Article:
We are interested in understanding how datasets generated in model species can be used to predict effects in humans.  The current methods for determining risk associated with environmental pollutants relies heaviliy on testing conducted in rodent species.  Chemicals are evaluated for neurodevelopmental effects through exposure in rodents and subsequent behavioral testing and pathology exams.  Compared to the neocortex of the primate brain, the rodent neocortex is relatively underdeveloped and this is thought to underlie higher order processes such as executive functioning present in primates but not rodents.  To address this translational issue, we have developed computational models to predict neuronal cell number in the developing rat, mouse, monkey, and human neocortex.  We examined the effects of ethanol on cell proliferation, differentiation, and death as a case study for use in assessing the risk of chemicals using rodent datsets to predict effects in humans. Currently, we are interested in expanding this work by linking molecular mechanisms to these models of cellular level processes.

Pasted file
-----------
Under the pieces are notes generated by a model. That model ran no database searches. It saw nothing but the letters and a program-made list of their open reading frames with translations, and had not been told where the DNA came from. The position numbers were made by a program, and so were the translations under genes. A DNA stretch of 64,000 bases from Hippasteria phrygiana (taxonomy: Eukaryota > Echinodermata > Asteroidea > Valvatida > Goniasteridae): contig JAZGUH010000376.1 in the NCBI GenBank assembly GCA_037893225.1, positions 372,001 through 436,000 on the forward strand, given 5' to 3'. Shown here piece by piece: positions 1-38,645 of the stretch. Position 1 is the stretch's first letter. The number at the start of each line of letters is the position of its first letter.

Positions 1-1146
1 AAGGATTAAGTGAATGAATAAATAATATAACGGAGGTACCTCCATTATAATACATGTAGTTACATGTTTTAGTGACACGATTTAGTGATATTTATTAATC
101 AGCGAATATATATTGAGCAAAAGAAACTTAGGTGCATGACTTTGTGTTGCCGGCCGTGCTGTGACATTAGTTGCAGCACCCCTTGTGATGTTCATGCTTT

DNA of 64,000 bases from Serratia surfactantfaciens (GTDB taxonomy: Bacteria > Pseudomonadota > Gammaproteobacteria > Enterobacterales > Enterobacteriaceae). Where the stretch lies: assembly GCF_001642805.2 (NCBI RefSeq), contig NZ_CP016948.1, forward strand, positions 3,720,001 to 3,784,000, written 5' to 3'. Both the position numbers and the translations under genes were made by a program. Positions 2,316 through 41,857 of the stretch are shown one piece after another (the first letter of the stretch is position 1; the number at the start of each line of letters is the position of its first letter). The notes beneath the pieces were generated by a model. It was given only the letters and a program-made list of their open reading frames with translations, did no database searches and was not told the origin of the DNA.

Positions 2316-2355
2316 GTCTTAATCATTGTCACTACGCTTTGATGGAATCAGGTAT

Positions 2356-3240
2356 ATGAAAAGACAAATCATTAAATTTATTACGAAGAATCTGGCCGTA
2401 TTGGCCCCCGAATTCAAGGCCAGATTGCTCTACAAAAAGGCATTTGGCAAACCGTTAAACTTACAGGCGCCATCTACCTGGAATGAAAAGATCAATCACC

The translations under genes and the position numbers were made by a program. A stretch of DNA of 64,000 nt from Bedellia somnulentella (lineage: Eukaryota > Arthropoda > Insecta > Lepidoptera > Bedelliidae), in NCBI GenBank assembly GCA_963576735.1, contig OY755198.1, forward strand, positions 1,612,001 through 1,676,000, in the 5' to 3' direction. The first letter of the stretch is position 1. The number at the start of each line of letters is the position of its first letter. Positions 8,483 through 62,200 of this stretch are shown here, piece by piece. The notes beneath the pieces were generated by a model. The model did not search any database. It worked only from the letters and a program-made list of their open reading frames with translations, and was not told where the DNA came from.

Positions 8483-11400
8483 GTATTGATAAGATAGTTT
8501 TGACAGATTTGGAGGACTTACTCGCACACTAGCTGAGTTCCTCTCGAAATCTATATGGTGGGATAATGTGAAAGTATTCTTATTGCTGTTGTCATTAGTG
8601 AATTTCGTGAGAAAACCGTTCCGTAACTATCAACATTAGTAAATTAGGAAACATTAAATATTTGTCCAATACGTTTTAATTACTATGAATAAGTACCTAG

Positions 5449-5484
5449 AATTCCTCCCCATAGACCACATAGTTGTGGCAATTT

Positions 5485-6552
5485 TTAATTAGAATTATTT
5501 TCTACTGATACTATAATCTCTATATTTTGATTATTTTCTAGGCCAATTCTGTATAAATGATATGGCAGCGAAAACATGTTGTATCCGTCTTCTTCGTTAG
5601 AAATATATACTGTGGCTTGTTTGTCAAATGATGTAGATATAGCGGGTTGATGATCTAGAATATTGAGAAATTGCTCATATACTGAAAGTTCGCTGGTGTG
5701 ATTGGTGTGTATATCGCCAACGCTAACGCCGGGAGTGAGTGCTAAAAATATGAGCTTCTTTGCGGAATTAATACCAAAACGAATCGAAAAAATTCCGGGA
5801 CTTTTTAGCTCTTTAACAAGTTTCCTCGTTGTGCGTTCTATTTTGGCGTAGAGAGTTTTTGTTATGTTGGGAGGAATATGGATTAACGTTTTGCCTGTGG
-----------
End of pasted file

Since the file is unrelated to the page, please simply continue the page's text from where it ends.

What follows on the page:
The interspecies differences in cellular processes during neocoertical development are orchestrated by molecular changes.  Collaboratinig with Francois Guillemot’s lab, who produced transcriptomics datasets in several proneuroal bHLH loss of function and gain of function mice, we have been able to develop a gene regulatory network describing differentiation into glutamatergic and GABAergic neurons.  This work led to a broader application of network theory and pathway analysis to define hypotheses of the most likely molecular targets of environmental factors affecting disease processes based on publically available datasets from genetic association studies in humans and toxicology studies performed in rodent and other model organisms.  We are currently evaluating transcriptomic changes associated with early-life exposures to mixtures on later life outcomes using D. pulex as a model organism.